In the first chapter of Joel, the prophet describes a plague of locusts that ravaged through Israel damaging everything on its way. Joel refers in 1: 4 and 2: 25 to four species or four different stages of the insects (depending upon the translation that you read) that landed upon Israel:

  1. the gnawing/cutting/devouring locust/palmerworm;
  2. the swarming/great locust;
  3. the licking/hopping/young locust/cankerworm;
  4. the consuming/destroying locust/caterpillar;

In Joel 2: 25, the locusts are mentioned in reverse order compared to the order in 1: 4. These locusts, I think, were literally insects and the devastation they had caused was real. What Joel described has contemporary parallels of the swarm of locusts wrecking havoc in Africa and many parts of Asia. However, this plague is not just about the literal locusts destroying Israel’s crops. Rather, it figuratively represents the various invading armies of Assyrians, Babylonians, Medo-Persians, Greeks, and Romans who caused Israel’s successive destruction over the years. It is conceivable that Joel meant locusts both in its physical and figurative sense, as the ensuing devastation was substantially calamitous (1:6-7). However, the terms that Joel employs in describing this scourge definitely points to something worse than literal insects.

The grain offering and the drink offering are cut off  from the house of the Lord.
The priests mourn,  the ministers of the Lord.
The fields are destroyed,  the ground mourns, because the grain is destroyed,
the wine dries up, the oil languishes. (Joel 1: 9-10 ESV).

Besides the agricultural devastation, another major aftereffect of the plague was the cessation of continual offerings at the Temple.

The interruption of liturgical worship at the Temple was one of most tragic calamities for the worshippers of Jehovah God because it dramatically implied that their God has rejected his people, leading to a situation where “the priests mourn, the ministers of the Lord” (1:9). Alas! They were instead supposed to celebrate and delight in the presence and service of the Lord and bring encouragement to other worshippers.

Joel refers specifically to three staple crops of Israel that had failed—the (wheat/barley) grain, the (grape) wine, and the (olive) oil. They were not only staple on every dining table but were also crucial part of the failed grain and drink offerings at the Temple. Therefore, while Joel narrates how the farmers were dismayed and the vinedressers were ashamed and the tillers of the soil wailed; the prophet singles out the priests calling them to not just lament, rather he directs them to undertake a discipline of fasting, penitence with sack clothes, prayer, and consecration:

Put on sackcloth and lament, O priests;
    wail, O ministers of the altar.
Go in, pass the night in sackcloth,
    O ministers of my God!
Because grain offering and drink offering
    are withheld from the house of your God. Consecrate a fast;
    call a solemn assembly.
Gather the elders
    and all the inhabitants of the land
to the house of the Lord your God,
    and cry out to the Lord. (Joel 1: 13-14 ESV).


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Lenten Reflections 2021: Return to the Lord!

Locust invasion

Rev. Dr. Vinod John @johnvinod | February 18, 2021

I would invite you today to read again the tiny book of Joel in one sitting as it has only three chapters. The message of the book of Joel is never passé. In fact, Joel’s message has relevance for the whole world today more than ever no matter where you live. It is expressly because Joel’s context and ours are quite similar today. In Joel’s time, Israel went through a devastating plague—an invasion of devouring locusts. They had eaten and destroyed everything in their way and turned the green pastures of Israel to desolate. The food supply was almost destroyed, and people were crying out for help.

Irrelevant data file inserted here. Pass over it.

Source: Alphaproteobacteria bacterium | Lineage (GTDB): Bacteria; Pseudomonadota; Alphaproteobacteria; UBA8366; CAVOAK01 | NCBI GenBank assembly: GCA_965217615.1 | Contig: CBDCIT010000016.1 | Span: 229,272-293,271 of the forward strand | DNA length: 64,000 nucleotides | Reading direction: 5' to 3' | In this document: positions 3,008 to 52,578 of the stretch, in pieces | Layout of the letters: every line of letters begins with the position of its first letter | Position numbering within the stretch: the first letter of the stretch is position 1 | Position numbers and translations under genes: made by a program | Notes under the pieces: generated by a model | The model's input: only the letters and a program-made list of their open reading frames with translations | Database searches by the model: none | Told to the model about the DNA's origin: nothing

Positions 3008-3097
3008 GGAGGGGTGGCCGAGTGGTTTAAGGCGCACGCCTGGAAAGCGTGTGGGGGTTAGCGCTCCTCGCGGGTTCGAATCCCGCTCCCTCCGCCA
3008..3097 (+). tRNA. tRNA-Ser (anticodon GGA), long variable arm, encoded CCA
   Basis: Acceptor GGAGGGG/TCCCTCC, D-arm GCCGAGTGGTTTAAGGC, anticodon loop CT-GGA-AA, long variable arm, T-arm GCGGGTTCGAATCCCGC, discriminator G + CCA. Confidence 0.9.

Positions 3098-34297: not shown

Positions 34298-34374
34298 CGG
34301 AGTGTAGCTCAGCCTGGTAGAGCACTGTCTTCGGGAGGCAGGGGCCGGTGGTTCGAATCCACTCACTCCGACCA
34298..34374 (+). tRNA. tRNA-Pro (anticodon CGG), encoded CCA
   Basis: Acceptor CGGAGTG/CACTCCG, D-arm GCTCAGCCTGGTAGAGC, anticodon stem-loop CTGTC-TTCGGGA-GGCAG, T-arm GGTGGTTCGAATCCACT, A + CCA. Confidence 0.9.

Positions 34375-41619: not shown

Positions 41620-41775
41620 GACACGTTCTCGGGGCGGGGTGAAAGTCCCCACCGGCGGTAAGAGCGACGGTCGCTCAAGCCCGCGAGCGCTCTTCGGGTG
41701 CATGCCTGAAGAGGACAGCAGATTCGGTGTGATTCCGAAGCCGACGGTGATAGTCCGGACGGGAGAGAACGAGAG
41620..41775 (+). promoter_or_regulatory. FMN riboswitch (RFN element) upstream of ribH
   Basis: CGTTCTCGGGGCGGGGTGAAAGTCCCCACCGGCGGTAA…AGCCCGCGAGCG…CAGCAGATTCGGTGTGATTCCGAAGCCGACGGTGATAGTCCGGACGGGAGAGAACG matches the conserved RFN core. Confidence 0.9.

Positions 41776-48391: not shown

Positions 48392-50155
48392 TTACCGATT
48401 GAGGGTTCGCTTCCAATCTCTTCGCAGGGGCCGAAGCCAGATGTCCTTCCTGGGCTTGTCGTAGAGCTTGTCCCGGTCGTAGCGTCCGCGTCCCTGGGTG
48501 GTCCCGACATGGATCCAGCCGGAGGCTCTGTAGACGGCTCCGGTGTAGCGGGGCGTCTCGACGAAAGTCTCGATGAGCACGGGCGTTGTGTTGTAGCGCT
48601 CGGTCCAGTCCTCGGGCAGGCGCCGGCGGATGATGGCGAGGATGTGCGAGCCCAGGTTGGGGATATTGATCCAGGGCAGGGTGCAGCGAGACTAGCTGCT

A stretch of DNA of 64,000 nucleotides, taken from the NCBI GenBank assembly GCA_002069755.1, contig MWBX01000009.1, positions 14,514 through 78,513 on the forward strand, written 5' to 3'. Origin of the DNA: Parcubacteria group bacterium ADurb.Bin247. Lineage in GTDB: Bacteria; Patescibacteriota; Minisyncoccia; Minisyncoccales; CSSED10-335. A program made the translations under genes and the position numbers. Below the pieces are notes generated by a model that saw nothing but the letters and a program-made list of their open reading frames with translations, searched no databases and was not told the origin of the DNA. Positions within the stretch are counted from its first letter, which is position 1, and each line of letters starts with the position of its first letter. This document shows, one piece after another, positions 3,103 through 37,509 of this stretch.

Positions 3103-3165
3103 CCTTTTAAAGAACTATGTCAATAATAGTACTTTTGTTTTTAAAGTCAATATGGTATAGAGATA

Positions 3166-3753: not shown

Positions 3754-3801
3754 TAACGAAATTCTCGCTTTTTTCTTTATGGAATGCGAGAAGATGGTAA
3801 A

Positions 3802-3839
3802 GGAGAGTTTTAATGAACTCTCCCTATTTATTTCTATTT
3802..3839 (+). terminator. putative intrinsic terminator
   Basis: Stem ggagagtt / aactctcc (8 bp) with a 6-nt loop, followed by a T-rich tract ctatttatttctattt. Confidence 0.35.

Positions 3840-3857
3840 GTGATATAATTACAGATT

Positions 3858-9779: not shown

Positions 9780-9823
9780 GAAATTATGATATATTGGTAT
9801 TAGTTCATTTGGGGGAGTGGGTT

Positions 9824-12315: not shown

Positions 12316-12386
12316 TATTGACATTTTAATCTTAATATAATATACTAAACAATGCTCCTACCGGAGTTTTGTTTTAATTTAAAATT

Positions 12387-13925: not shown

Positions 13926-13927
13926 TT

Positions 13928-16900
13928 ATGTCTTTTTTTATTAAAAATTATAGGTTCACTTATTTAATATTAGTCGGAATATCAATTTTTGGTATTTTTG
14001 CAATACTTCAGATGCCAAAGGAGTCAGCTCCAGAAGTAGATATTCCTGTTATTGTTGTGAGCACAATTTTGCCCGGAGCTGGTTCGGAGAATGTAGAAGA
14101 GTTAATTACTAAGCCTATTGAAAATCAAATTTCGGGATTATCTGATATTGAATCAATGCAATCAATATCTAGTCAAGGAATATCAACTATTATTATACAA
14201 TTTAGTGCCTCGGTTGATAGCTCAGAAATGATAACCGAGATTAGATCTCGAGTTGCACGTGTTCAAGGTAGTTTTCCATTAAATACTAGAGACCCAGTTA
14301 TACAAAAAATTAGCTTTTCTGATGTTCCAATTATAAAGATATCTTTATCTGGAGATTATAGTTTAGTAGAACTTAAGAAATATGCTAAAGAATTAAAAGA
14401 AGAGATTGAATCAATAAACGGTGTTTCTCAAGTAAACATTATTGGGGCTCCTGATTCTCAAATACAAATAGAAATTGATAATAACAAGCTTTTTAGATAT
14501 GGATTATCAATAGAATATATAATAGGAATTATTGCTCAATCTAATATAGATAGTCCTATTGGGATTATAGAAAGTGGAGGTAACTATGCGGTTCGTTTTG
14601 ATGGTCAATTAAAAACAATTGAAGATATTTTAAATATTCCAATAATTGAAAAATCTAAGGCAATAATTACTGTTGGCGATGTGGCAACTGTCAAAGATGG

“The seed is rotten under their clods, the garners are laid desolate, the barns are broken down; for the corn is withered.
 How do the beasts groan!
 the herds of cattle are perplexed, because they have no pasture; yea, the flocks of sheep are made desolate” (Joel 1: 18 KJV). 

Moreover, the liturgical worship of God in the Temple was also adversely affected to the extent that its daily offerings had almost diminished:

 “The grain offering and the drink offering are cut off from the house of the Lord. The priests mourn, the ministers of the Lord” …
 “Put on sackcloth and lament, you priests; wail, you ministers of the altar.
Come, pass the night in sackcloth, you ministers of my God!
Grain offering and drink offering are withheld from the house of your God” (Joel 1: 9; 13 NRSV) 

We are in the second year of an unprecedented and deadly pandemic since 2020 and there seems to be no end in site, despite the new vaccines that might help prevent Covid-19 infections. The world economies are faltering and will remain unstable in the aftermath of this pandemic. Therefore, I think we need to heed prophet Joel’s timely call to repentance. While prophesying in the context of a dreadful plague of locusts that affected all aspects of their life, including the religious worship, Joel pleads with Israel to return to the Lord. He preaches a message of hope. He reveals the nature and intent of God, that is not to destroy the people of Israel but to save them. If they repented of their disobedience and returned from their evil ways to the living God, Joel promises that God would pity them and restore them. Joel also reveals that in a post repentance and restoration era, God would bring about a new reality, that is, the Spirit of God abiding with them (see, Joel 2: 28-29). We shall ponder on this aspect in the coming days along with Joel’s apocalyptic predictions.

However, today, let us shift our focus from the death, loss, and destruction brought about by the pandemic that we find ourselves in and instead let us focus upon the areas in our lives that need amending. What specific areas in our personal and church life do we need to do penitence? What are the specific areas in which we need to turn back from disobedience to obedience? May the Lord help us locate these areas and let us return to the Lord seeking His grace and forgiveness for our Creator God is merciful and will restore us.